Cover story, Dec. 14, "Now What? On assignment in Southeastern Utah to get the locals' perspective on shrinking national monuments"
Thanks for a thoughtful article about the Bears Ears National Monument, which should not be controversial at all—but that's not the world we live in.
The best time to establish a national monument for the area would have been in 1936, when it was originally proposed. I got involved when I first arrived in Utah in 1980, on a backpacking trip that included Dark Canyon. Representing the Utah Wilderness Association, I went to Washington to testify in favor of designating the Dark Canyon Wilderness on the Manti-La Sal National Forest as part of the Utah Wilderness Act of 1984.
Then we advocated strongly but unsuccessfully for wilderness designations on BLM wilderness study areas in San Juan County. It just defied logic that so little was being done to protect the world-class wilderness and cultural resources in the rest of Dark Canyon, Grand Gulch, Cedar Mesa, Mancos Mesa, Comb Ridge and Butler Wash. Well, that was 30 years ago. I treasure the memories of solo hikes through Grand Gulch, Fish Creek and Owl Creek.
in the current go-round, Friends of Cedar Mesa did an outstanding job of finding consensus on wilderness, only to see the PLI bill turned into a wishlist for the oil and gas industry. That brought the issue full-circle to a national monument proclamation. But before the BLM even put up a sign welcoming everyone to our newest national monument, consensus was torn apart by politicians looking for a wedge issue.
Look for the mining jobs to start popping up.
Movie review, Dec. 14, The Shape of Water
Couldn't disagree more.
It had to be done.
Blog post, Dec. 19, "UTA Fare Free Friday Announced" *
It's the least they can do.
It seems to me this will have the opposite effect because Utah busses are already crowded and smelly. Allowing free rides just means they'll be more crowded and probably late because they'll stop more often. I wish they'd spend their money on something useful like running the busses all night or extending Sunday service.
It means less people will be driving. That's the point; less pollution that is killing people.
Transit is not convenient for those of us living out on the West Side. It takes me about 20 minutes to drive from my home in West Valley to my job in South Salt Lake. But the same commute using mass transit eats an hour and a half each way. And the cost of the fare doesn't begin to compare favorably with what I spend on gas for the trip.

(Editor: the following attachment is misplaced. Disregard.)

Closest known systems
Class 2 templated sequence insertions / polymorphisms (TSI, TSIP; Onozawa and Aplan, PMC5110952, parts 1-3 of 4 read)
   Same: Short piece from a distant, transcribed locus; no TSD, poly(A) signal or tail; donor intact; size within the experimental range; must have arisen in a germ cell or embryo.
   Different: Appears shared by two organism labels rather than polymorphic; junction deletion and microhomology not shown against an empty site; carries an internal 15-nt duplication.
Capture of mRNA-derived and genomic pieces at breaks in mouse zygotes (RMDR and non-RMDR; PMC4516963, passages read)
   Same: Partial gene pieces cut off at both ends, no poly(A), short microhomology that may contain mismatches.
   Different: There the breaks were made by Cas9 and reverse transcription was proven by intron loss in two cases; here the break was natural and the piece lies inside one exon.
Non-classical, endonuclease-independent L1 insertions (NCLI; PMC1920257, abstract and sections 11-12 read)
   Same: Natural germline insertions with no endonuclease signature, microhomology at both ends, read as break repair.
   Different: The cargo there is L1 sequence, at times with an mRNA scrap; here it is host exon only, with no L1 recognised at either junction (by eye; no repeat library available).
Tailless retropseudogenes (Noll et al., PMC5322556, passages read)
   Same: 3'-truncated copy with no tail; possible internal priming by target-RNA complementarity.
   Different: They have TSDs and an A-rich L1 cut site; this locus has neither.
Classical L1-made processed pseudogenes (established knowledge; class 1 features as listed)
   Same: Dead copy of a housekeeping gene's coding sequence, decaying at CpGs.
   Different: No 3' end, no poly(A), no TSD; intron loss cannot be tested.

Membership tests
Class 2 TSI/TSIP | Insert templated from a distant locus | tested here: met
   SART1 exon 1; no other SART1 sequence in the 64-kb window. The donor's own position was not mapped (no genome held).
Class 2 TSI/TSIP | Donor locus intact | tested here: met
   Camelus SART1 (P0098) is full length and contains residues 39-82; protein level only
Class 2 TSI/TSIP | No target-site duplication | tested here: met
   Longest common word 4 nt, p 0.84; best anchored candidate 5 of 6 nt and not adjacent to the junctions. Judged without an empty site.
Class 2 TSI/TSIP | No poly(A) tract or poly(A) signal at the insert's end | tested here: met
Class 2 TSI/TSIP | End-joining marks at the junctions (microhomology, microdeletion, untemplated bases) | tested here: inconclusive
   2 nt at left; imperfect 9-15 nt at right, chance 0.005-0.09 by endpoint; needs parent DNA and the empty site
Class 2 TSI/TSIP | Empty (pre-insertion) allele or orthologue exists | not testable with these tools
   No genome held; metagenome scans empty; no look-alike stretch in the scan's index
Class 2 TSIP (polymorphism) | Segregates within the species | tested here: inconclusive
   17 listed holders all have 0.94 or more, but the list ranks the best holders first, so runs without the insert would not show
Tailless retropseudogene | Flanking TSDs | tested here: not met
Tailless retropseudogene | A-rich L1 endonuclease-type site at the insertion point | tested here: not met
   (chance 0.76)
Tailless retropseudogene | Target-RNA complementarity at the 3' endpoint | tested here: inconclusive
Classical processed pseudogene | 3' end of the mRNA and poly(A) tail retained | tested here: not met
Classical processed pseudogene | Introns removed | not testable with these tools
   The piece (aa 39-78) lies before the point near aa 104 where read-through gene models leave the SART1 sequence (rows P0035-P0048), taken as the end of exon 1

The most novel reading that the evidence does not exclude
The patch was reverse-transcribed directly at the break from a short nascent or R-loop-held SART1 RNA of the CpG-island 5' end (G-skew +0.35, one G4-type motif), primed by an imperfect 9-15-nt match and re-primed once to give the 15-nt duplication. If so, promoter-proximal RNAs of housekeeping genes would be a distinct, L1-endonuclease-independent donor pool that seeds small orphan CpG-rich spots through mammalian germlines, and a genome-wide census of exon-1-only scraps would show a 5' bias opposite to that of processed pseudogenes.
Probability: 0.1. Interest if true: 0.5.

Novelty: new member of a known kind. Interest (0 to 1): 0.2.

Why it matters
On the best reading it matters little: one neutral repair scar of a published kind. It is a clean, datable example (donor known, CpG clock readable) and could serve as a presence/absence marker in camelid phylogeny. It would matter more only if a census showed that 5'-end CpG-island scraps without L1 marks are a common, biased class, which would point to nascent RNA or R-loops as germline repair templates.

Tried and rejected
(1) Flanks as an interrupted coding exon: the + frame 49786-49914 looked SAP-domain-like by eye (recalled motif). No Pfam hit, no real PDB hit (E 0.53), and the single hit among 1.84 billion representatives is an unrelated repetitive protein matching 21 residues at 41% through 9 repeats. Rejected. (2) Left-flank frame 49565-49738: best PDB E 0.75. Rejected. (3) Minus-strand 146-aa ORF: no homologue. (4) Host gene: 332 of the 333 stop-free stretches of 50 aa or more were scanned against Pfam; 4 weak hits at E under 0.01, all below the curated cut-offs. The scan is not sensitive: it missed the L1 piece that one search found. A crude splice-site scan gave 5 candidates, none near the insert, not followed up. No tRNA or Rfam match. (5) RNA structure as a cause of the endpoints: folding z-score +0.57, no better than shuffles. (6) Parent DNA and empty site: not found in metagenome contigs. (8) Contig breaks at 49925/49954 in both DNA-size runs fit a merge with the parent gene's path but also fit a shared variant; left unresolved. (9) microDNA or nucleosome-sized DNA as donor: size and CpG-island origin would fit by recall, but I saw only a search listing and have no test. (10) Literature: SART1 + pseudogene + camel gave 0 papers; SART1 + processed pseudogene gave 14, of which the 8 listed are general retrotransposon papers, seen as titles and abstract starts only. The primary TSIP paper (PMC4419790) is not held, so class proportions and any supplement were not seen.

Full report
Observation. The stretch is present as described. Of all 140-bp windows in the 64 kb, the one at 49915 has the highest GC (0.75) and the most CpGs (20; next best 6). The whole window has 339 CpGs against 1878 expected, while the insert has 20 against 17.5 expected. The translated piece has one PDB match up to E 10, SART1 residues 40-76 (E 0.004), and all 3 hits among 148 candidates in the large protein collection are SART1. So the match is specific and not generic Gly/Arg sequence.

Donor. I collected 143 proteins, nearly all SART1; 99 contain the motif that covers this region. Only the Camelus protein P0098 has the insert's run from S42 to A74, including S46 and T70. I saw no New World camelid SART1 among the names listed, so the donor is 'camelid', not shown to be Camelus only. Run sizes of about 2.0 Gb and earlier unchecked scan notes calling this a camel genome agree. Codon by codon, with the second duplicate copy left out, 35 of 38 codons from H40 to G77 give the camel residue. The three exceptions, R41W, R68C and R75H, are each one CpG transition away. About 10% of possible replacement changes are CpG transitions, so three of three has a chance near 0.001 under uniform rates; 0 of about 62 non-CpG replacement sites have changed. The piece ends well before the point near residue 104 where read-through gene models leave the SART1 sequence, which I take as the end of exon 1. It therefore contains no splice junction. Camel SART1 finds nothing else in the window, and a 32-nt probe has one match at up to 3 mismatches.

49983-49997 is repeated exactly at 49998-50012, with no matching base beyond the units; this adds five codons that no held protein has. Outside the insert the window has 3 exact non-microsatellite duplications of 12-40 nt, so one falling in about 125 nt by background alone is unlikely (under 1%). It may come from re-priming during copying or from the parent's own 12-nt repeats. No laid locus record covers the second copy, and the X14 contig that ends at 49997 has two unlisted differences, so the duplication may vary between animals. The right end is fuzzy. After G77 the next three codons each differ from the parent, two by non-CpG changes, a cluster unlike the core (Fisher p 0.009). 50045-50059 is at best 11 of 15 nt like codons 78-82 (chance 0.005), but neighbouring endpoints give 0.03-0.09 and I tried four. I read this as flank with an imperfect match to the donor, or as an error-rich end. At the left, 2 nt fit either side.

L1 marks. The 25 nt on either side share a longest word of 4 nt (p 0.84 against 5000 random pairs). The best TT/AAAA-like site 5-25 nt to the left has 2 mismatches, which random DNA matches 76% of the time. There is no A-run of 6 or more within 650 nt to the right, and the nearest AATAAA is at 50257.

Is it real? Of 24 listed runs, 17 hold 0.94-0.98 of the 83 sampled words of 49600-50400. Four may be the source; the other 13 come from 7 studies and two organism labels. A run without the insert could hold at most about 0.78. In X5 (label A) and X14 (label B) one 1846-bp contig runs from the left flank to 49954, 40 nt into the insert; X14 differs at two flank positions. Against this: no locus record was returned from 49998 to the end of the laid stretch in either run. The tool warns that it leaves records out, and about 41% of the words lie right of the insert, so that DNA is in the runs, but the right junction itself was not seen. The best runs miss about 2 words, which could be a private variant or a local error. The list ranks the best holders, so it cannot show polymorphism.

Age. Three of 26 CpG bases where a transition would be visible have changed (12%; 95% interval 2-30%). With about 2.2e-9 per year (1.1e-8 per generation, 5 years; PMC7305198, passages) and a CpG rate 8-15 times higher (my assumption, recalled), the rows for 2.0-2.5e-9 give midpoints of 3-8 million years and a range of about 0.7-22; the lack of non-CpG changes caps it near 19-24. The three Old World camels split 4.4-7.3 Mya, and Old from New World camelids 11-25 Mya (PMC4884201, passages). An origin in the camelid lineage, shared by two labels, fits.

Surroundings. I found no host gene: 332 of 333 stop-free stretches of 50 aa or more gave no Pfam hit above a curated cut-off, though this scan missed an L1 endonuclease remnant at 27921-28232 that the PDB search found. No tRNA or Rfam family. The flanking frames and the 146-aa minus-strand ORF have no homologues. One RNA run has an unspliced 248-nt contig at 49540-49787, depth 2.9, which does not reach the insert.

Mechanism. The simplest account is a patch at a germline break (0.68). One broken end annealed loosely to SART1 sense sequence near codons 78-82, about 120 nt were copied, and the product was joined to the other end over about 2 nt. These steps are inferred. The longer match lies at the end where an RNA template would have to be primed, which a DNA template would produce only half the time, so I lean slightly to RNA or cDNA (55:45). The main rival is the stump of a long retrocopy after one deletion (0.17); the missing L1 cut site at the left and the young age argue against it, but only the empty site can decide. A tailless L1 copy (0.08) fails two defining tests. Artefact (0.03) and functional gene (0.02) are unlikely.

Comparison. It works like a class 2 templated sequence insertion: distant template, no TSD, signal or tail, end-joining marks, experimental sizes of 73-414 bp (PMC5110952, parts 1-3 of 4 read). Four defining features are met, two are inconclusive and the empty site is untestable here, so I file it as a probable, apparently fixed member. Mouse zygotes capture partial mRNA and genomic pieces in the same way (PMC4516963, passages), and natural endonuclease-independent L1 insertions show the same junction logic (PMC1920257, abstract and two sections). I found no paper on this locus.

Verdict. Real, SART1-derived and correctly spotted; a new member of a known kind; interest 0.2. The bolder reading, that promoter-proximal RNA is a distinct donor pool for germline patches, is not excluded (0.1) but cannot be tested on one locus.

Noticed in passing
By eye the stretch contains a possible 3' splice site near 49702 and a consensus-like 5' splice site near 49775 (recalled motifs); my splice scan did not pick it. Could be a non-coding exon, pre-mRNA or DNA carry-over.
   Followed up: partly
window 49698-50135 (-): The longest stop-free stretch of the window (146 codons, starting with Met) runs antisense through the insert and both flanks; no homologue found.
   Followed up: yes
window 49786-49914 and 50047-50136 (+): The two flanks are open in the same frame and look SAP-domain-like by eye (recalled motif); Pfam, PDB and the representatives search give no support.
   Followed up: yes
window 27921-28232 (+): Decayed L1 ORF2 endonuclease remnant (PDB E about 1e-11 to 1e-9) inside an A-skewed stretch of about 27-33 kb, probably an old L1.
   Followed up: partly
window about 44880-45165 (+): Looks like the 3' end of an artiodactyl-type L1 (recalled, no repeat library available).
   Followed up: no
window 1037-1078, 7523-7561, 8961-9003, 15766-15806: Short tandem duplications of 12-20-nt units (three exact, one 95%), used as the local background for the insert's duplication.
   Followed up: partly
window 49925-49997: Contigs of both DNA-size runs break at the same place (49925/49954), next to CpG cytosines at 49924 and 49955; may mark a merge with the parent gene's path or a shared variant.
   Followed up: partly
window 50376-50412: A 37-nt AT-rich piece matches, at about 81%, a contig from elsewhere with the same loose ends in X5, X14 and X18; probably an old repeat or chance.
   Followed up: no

West-to-East commuting is getting ridiculous and WVC is one of the fastest-growing segments of the valley. When is UTA going to get around to showing us some love out here?
I take the train to work every day. In fact, I'm on it right now. I go from West Jordan to downtown and it saves me so much time! Getting to work in the morning takes about the same but it is in the afternoon that I save the most time. I love that I save the wear-and-tear on my car and that it's better for the environment. The train can be scary and a little intimidating for some, but I think this will help with that also. The only thing I would like to see changed about Trax, is the hours extended at night. We enjoy going downtown but don't take the train in case we get out too late to catch the last one.
This is only an innovative way for people to "get their minds set" that public transportation does work. There is not a quick fix to environmental issues, however this will help. Who is paying for it?
The Energy Fairy is paying for it.
Without doing these three things, you will never, ever, get people to use public transportation in a meaningful way:
1) Run in the areas that have the highest usage.
2) Run on Sundays and late at night (24 hours).
3) Decrease commute times if transfers are required.
So, one day and our air quality is supposed to be better? How 'bout UTA is free on any inversion day?
*Read the follow-up to this story here.
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